By Khadijah Breathett, MD, MS
Heart failure disproportionately affects racial/ethnic minorities and women. Heart failure is a result of weakened heart muscle, usually caused by injury to the heart from a heart attack, high blood pressure, or abnormalities in a heart valve, for example.
More than 6.5 million people are living with heart failure in the U.S. Women represent over half of this population. When categorized by race/ethnicity and sex, African-American women have the highest proportion of heart failure. In addition, the lifetime risk of developing heart failure is highest in African-Americans and Hispanics compared to Caucasians and Asians. The risk of developing heart failure increases with age for both sexes and all races and ethnicities. However, at each age group, African-American men and women develop heart failure at higher rates than other racial/ethnic groups, particularly before the age of 75.
Heart failure has a high mortality rate. Approximately 50 percent of people will die from heart failure within 5 years of diagnosis. [1,4] Compared to men, women have a higher proportion of death attributed to heart failure.  Death rates from heart failure have declined with broader usage of evidence based treatments, but death rates are consistently higher among African-Americans than Causcasians or Hispanics. 
Multiple factors drive these disparities.
Racial/ethnic minorities have more modifiable diseases that increase the risk of developing heart failure, such as hypertension, diabetes, obesity, and atherosclerosis. [1,2,6] Furthermore, racial/ethnic minorities are more likely to be unaware of their diseases and have poorly controlled diseases.  In particular, African-American and Hispanic women have higher prevalence of these diseases than men of the same racial/ethnic groups.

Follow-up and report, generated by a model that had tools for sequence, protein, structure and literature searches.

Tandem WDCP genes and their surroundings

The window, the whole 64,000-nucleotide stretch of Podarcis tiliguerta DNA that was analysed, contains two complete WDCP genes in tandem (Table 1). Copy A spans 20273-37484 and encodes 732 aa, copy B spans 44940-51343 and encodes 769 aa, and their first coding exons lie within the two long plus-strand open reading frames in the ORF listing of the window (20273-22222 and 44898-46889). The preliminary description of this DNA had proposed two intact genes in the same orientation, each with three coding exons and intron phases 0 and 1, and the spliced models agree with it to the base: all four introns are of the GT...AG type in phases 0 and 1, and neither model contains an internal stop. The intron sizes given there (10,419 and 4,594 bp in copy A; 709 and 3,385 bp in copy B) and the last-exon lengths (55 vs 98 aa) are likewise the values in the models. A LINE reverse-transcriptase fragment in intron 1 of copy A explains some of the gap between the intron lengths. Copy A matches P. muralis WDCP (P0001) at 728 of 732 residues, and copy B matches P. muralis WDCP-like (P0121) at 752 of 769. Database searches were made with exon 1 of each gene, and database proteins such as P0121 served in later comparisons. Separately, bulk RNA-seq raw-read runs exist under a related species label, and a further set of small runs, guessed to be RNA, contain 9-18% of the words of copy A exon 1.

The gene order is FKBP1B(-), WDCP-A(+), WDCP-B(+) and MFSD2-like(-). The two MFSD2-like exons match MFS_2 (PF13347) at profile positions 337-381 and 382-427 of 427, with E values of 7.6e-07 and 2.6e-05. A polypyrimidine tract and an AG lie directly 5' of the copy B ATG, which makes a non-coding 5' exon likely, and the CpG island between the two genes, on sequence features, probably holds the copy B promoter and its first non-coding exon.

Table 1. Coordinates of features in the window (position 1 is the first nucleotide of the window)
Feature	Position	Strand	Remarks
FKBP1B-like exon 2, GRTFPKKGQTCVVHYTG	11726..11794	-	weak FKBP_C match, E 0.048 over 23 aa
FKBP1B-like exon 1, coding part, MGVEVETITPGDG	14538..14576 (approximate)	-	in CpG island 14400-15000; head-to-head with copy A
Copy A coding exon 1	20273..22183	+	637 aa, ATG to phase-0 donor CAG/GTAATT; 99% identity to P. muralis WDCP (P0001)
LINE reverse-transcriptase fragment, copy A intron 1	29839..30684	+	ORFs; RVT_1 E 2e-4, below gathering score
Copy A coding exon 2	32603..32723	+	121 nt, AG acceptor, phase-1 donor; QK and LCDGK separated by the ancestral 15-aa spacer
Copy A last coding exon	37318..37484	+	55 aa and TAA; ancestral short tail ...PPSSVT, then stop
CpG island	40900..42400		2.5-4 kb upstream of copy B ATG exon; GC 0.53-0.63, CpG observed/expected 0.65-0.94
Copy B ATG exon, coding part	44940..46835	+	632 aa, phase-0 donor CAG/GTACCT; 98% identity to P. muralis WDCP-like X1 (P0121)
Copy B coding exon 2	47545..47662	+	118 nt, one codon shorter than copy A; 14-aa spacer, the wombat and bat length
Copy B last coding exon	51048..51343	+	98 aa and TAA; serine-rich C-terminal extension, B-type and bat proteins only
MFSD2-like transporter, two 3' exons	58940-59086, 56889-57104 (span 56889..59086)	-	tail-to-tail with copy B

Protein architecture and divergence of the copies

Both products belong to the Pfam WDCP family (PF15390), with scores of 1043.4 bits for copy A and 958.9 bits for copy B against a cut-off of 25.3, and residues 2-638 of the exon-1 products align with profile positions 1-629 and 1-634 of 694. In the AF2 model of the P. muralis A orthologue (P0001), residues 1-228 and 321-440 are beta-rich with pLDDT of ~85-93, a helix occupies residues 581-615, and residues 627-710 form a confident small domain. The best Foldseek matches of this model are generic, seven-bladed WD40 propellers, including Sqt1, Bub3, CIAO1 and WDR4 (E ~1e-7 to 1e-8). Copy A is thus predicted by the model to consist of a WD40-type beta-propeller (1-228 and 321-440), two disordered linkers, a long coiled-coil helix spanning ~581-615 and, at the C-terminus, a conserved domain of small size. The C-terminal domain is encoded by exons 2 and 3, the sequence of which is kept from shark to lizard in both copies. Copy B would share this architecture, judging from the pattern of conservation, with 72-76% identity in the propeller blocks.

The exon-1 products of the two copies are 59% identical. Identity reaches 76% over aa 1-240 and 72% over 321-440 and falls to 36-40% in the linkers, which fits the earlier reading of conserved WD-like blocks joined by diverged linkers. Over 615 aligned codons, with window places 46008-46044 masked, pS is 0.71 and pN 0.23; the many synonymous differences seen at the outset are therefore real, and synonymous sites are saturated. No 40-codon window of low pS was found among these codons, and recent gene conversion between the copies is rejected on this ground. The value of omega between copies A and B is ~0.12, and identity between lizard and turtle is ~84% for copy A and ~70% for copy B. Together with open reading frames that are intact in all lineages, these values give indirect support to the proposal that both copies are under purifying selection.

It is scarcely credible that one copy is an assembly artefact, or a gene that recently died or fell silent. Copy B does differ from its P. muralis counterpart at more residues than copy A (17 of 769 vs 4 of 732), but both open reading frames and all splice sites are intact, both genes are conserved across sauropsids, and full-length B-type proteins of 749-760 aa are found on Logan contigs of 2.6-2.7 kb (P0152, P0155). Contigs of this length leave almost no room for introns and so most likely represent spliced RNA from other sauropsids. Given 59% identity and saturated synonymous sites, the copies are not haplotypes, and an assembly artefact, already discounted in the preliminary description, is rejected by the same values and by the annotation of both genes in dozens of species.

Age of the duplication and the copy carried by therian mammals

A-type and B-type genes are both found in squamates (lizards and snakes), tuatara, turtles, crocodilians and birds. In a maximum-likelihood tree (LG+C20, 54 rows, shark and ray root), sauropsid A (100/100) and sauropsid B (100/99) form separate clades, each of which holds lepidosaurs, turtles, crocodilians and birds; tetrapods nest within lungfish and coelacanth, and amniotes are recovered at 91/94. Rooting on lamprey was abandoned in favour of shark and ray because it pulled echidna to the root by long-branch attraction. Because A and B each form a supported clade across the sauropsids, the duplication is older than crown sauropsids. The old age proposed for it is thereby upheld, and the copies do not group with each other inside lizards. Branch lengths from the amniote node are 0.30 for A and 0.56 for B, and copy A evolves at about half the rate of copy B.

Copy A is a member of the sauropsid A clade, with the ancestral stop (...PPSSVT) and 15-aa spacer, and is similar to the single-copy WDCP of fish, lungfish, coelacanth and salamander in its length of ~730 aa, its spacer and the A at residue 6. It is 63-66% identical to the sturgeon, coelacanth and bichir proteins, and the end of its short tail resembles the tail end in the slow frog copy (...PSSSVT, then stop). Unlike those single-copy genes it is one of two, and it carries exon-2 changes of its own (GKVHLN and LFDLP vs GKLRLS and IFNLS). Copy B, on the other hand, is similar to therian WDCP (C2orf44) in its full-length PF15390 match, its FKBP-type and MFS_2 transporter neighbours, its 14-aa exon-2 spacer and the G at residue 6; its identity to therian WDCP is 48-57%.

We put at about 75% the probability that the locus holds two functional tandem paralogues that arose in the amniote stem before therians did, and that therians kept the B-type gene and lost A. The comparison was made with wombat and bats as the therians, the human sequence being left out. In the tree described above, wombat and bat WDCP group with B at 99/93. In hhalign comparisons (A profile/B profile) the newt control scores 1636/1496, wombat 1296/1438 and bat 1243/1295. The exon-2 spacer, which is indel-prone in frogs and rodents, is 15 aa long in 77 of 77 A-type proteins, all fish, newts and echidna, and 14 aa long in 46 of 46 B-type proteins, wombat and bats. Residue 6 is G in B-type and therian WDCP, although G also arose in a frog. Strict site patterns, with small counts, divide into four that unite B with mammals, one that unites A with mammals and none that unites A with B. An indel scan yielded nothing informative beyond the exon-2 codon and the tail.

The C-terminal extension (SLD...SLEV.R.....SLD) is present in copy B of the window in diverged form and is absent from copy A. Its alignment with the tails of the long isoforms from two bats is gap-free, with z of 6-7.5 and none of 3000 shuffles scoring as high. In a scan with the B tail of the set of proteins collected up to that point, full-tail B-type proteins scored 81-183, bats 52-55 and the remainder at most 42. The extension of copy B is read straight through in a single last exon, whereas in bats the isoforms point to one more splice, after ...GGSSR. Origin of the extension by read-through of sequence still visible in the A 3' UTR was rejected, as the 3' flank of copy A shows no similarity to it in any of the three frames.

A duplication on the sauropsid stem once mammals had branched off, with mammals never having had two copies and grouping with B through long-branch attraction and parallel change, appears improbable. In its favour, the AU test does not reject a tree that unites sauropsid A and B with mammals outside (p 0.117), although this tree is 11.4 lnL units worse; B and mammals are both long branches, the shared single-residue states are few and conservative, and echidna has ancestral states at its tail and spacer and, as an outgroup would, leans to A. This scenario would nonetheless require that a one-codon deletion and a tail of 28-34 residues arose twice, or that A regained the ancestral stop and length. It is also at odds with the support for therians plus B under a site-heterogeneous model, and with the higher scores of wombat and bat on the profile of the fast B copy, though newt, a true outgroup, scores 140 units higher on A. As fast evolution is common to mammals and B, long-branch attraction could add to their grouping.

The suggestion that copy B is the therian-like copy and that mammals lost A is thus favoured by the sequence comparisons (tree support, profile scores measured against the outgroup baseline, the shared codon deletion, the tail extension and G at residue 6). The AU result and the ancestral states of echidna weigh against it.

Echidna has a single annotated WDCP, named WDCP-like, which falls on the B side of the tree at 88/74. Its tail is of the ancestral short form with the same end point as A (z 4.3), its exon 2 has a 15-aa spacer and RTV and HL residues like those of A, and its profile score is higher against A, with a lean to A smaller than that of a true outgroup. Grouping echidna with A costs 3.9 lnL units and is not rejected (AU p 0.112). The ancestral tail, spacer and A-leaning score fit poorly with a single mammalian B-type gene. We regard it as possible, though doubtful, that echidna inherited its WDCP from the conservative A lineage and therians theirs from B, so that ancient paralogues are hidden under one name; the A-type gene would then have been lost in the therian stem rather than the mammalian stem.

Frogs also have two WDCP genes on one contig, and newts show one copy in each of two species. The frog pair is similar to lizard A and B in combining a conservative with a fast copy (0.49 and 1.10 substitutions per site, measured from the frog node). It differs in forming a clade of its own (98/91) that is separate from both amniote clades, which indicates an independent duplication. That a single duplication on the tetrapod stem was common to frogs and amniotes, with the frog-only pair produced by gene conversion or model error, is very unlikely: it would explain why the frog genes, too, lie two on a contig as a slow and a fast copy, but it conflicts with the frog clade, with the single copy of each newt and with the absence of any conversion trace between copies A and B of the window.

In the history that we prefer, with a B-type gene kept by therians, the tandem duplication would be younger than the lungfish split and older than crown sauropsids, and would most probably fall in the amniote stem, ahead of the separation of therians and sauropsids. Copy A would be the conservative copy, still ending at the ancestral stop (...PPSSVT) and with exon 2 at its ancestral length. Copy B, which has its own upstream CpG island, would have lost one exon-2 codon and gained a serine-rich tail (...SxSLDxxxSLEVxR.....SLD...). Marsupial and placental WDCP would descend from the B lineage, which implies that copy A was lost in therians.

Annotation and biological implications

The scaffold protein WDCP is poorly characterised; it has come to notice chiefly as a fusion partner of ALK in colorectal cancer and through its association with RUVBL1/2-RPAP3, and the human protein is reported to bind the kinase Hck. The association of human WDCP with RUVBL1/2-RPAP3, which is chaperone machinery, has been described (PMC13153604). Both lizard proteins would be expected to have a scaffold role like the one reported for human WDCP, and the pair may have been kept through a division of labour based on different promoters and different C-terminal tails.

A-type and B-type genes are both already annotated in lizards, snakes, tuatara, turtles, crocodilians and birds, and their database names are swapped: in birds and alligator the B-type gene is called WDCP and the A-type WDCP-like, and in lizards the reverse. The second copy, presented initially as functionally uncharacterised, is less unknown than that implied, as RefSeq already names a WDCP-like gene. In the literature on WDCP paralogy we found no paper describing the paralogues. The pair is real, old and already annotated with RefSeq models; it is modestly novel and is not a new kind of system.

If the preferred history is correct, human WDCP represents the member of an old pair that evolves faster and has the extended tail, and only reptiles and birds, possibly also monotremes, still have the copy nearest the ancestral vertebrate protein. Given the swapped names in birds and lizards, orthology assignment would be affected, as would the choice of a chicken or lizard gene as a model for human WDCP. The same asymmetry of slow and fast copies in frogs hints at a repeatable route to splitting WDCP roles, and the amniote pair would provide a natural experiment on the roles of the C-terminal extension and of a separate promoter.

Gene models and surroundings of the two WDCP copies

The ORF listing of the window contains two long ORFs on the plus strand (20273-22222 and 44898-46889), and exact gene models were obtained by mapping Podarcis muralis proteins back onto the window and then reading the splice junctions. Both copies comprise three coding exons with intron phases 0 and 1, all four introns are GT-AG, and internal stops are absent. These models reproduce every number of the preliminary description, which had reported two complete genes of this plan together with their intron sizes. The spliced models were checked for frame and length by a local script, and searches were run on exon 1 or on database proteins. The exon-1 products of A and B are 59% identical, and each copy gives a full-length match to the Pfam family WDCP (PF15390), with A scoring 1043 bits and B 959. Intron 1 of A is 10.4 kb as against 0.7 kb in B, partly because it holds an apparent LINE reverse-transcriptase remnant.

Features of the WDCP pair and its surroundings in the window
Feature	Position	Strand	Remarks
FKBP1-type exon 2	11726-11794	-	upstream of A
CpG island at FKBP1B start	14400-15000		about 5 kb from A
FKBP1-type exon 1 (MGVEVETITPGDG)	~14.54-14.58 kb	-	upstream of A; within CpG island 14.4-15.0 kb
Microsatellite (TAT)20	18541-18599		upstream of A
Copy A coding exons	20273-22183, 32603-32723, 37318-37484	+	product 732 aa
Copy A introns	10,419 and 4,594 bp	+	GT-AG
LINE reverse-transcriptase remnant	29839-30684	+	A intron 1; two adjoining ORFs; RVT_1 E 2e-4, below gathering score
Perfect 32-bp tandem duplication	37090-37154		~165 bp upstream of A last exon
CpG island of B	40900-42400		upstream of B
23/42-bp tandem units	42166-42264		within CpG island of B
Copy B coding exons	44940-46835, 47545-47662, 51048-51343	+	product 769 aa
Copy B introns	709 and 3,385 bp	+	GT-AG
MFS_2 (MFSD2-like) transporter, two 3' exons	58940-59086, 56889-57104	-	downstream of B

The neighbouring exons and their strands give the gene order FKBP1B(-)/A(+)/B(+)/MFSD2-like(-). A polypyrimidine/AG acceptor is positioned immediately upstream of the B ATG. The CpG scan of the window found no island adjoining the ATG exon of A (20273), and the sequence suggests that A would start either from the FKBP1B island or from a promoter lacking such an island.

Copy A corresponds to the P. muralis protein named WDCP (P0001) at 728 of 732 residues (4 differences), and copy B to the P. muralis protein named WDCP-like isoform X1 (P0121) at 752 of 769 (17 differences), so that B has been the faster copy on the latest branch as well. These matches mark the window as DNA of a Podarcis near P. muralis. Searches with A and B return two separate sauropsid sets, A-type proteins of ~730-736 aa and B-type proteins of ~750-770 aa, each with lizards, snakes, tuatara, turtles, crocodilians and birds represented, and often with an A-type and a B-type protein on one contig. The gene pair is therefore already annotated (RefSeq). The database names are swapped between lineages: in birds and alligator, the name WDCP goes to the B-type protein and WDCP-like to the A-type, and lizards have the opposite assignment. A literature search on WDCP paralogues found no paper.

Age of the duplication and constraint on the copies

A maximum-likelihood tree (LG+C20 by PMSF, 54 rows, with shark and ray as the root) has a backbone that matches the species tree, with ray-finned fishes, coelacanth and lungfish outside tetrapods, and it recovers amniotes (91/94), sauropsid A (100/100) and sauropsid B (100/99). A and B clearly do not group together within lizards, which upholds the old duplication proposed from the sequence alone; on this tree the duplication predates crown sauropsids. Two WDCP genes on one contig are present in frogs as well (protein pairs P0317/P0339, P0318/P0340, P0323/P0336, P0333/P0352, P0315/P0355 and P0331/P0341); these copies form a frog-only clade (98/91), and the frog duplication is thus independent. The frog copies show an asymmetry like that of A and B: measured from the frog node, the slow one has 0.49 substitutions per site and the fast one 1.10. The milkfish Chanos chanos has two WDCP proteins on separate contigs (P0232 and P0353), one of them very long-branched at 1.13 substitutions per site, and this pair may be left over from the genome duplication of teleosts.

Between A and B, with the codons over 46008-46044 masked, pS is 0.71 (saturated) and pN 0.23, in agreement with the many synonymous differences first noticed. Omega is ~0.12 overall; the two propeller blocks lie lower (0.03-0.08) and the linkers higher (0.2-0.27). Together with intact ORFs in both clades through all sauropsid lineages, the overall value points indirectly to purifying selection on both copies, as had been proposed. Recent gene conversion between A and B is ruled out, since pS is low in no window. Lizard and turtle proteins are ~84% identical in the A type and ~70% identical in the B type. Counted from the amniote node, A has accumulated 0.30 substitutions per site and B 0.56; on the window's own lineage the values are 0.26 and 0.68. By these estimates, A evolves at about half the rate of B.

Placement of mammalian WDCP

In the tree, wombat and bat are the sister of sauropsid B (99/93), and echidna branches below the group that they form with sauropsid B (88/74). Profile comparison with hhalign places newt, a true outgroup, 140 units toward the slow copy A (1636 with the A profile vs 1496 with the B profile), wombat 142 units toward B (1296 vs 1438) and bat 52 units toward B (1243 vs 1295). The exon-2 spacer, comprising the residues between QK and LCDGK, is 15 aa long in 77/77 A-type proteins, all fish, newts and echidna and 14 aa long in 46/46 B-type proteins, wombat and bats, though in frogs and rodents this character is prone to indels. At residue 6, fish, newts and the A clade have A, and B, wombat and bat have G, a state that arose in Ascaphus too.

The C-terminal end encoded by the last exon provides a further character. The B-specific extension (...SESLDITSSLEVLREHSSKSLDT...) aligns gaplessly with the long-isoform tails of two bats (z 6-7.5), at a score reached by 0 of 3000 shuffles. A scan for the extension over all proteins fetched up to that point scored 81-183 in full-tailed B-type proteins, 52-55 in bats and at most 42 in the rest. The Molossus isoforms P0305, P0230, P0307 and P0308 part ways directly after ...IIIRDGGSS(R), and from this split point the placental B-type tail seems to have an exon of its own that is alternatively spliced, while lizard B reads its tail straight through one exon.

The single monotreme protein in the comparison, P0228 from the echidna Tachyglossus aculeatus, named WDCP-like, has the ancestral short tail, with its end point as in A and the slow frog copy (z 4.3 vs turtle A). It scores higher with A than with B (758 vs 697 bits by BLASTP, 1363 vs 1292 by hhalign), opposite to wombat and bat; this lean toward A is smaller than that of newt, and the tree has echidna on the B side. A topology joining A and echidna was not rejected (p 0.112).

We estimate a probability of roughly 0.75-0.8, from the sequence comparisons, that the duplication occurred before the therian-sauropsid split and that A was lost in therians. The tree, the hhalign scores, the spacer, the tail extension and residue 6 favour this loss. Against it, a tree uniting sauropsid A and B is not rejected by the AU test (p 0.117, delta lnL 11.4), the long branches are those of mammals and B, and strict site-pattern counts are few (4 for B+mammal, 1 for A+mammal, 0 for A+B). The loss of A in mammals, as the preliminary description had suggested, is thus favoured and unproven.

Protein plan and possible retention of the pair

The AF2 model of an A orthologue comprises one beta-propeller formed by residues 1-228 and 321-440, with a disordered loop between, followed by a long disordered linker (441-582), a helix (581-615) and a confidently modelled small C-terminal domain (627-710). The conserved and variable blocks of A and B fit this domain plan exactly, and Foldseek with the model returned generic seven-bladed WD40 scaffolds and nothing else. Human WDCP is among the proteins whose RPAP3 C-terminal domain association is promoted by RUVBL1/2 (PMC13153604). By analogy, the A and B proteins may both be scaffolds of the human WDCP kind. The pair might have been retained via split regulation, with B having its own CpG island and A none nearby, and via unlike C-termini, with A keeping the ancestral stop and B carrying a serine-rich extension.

- Racial/ethnic minorities of lower socioeconomic position have higher risk for developing heart failure than Caucasians.  Racial/ethnic minorities have higher proportions of underinsurance, which is associated with less receipt of healthcare. 
- Healthcare provider bias may contribute to reduced delivery of evidence based heart failure treatments to racial/ethnic minorities and women. 
- Both racial/ethnic minorities and women are underrepresented in heart failure research studies. [2,9] Treatment options and approaches are not tailored to these populations.
A multi-targeted approach may reduce racial/ethnic and sex disparities in heart failure.
- Favorable lifestyle changes are associated with reduced risk of developing heart failure, particularly among African-Americans and Hispanics.  The American Heart Association “Life’s Simple 7” include the following lifestyle changes which help reduce risk of heart failure: monitoring and controlling blood pressure, cholesterol, and blood glucose levels, engaging in an active lifestyle, eating healthier meals, losing weight, and stopping usage of tobacco products. 
- Addressing structural inequalities in education, income, and health insurance coverage through patient empowerment, advocacy, and political involvement may help reduce the burden of heart failure. 
- Bias may be reduced by increasing awareness, teaching stereotype-replacement techniques, and developing positive relationships between healthcare providers and patients of diverse racial/ethnic groups. 
- Informed involvement in clinical research may promote improved population-level care. Trust must be rebuilt between diverse patient groups and healthcare providers.
Recognizing racial/ethnic and sex differences is the first step to overcome these disparities. It will take a concerted effort by patients, providers, and the health system to ensure equitable health care to all. So let’s bridge this gap together!
Dr. Breathett, assistant professor of medicine at the UA College of Medicine – Tucson, is board-certified in internal medicine, cardiology and advanced heart failure and transplant cardiology. Her research focuses on reducing racial/ethnic and gender disparities in advanced heart failure and preventing populations that experience disparities from developing advanced heart failure. Her published research appears in journals such as Circulation Heart Failure and Journal of American College of Cardiology Heart Failure. She also is the lead author of the chapter, “Review of Heart Failure Management in African-Americans,” in Management of Heart Failure.
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